Dynamic Rupture of Earthquake

Two results of simulations will be shown as examples of dynamic rupture simulation: The 2000 western Tottori, Japan (Mw 6.6) and the 1992 Landers, California (Mw 7.3) earthquakes. The western Tottori earthquake is a recent earthquake occurring inside a densely distributed seismographic network [Fukuyama et al. (2003a)]. There are several fault models for this earthquakes [Iwata and Sekiguchi (2001); Mikumo et al. (2003); Semmane et al. (2005)]. The Landers is a famous earthquake which occurred near the

San Andreas fault system in southern California for which many earthquake source analyses have been conducted [Cohee and Beroza (1994); Wald and Heaton (1994); Cotton and Campillo (1995); Olsen et al. (1997); Aochi and Fukuyama (2002)].

For the western Tottori earthquake, we have a very precise image of the aftershock distribution [Fukuyama et al. (2003a)] using the double difference method [Waldhauser and Ellsworth (2000)]. Based on this distribution, a fault model for the simulation was constructed, which consists of 4 fault planes [Fukuyama et al. (2003a)] (Fig. 2). Although, unfortunately, no in-situ stress measurements were conducted near the source region because of an unclear fault location on the surface, a stress tensor inversion of aftershock moment tensors was conducted [Fukuyama et al. (2003a); Kubo and Fukuyama (2004)] to obtain a relative stress field. By combining the relative stress information with the assumed absolute stress values, taking into account the lithostatic stress at seismogenic depth, a stress model for the simulation was constructed. The slip weakening distance for this earthquake has been estimated from the source time functions estimated by waveform inversions [Mikumo et al. (2003)].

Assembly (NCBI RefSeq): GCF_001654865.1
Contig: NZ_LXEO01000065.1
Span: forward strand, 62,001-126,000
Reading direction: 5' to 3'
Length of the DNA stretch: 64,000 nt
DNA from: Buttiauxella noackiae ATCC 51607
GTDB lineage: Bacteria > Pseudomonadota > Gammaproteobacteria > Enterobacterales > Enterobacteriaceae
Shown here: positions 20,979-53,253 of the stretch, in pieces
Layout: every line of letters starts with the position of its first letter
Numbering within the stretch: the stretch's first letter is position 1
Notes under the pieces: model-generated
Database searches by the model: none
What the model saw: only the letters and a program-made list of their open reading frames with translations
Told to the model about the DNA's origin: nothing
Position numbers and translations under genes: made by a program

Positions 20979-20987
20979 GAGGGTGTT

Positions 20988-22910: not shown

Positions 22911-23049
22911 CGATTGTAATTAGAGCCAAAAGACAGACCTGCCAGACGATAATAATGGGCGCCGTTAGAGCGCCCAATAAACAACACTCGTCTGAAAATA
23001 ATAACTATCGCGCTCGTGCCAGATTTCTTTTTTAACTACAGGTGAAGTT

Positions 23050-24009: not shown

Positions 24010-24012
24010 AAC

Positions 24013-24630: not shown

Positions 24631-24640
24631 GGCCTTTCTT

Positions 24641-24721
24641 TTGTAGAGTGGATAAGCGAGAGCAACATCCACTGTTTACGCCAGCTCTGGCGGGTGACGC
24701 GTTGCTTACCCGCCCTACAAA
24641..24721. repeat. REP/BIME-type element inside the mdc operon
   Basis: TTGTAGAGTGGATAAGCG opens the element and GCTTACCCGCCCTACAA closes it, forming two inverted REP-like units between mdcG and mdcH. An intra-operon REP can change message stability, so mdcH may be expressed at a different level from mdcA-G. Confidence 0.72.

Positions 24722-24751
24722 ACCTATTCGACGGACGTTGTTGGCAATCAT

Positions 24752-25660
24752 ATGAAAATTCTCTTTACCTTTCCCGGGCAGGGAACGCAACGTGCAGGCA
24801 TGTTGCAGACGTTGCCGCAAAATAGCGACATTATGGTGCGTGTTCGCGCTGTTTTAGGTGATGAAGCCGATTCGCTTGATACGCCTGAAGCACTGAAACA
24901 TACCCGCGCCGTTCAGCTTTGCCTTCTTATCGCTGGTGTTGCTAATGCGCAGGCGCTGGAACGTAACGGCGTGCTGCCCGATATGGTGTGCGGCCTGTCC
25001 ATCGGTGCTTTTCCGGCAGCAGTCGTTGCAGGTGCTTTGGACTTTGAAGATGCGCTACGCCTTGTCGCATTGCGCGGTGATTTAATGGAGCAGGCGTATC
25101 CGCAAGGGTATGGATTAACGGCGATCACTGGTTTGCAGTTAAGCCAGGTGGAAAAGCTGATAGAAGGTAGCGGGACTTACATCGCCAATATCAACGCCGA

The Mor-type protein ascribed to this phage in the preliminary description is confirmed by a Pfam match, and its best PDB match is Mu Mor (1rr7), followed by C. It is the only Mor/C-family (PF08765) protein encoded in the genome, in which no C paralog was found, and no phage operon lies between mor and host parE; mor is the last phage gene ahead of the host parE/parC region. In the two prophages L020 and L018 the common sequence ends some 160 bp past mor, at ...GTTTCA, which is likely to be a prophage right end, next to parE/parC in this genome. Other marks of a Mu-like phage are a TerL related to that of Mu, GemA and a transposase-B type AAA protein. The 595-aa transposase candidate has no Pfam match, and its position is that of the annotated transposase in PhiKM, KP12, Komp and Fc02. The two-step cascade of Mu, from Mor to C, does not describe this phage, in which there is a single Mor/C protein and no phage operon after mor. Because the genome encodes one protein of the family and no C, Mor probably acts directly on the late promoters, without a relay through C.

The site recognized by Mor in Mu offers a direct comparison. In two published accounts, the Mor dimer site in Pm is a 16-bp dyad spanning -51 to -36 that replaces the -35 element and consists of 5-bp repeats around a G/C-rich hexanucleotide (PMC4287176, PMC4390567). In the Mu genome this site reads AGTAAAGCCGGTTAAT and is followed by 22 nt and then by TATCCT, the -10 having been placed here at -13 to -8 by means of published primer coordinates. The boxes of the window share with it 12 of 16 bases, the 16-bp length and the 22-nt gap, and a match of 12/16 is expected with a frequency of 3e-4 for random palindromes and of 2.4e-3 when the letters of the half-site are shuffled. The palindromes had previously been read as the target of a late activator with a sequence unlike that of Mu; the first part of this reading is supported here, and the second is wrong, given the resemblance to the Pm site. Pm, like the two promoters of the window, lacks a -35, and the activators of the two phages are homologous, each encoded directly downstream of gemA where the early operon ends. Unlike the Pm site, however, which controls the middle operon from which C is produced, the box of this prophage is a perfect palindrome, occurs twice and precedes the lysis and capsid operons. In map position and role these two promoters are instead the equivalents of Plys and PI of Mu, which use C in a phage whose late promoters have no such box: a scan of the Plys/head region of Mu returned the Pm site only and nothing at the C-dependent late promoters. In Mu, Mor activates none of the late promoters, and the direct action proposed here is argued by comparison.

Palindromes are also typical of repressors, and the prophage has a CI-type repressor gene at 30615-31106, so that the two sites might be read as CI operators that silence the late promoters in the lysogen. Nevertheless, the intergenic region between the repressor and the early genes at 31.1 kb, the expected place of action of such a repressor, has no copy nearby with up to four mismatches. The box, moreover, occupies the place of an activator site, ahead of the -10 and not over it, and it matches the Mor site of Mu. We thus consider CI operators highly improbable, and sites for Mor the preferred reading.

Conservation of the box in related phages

Numerical simulations were conducted based on the above information of fault geometry, stress field and constitutive relation. The computational results are shown in Fig. 7. In this plot, three simulation results with flfiC

Slip [mj

Slip [mj

tfifi cfia ijvjva

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Fig. 7 Result of dynamic rupture simulation of the 2000 western Tottori earthquake. Snapshots of stress (left column), slip velocity (center column) and slip (right column) are shown at a constant time step of 0.75 s. Scale of each column is shown as a color bar. Maximum principal stress directions of initial stress are (a) N90°E, (b) N105°E and (c) N120°E, respectively [Modified from Fukuyama (2003b)].

different maximum principal stress directions are shown. Other conditions such as slip weakening distances and magnitudes of principal stresses were kept the same. One can see that the rupture propagation is controlled by the stress field around the fault. This is convincing because the stress field applied to the fault controls the initial shear and normal stress on the fault. Shear stress corresponds to the coseismic slip (Dmax in Fig. 5) allowed and normal stress applied to the fault controls the breakdown stress drop (Arb in Fig. 5), which is also dependent on the fault geometry. Thus the fault geometry plays a very important role for the propagation of dynamic rupture on the fault.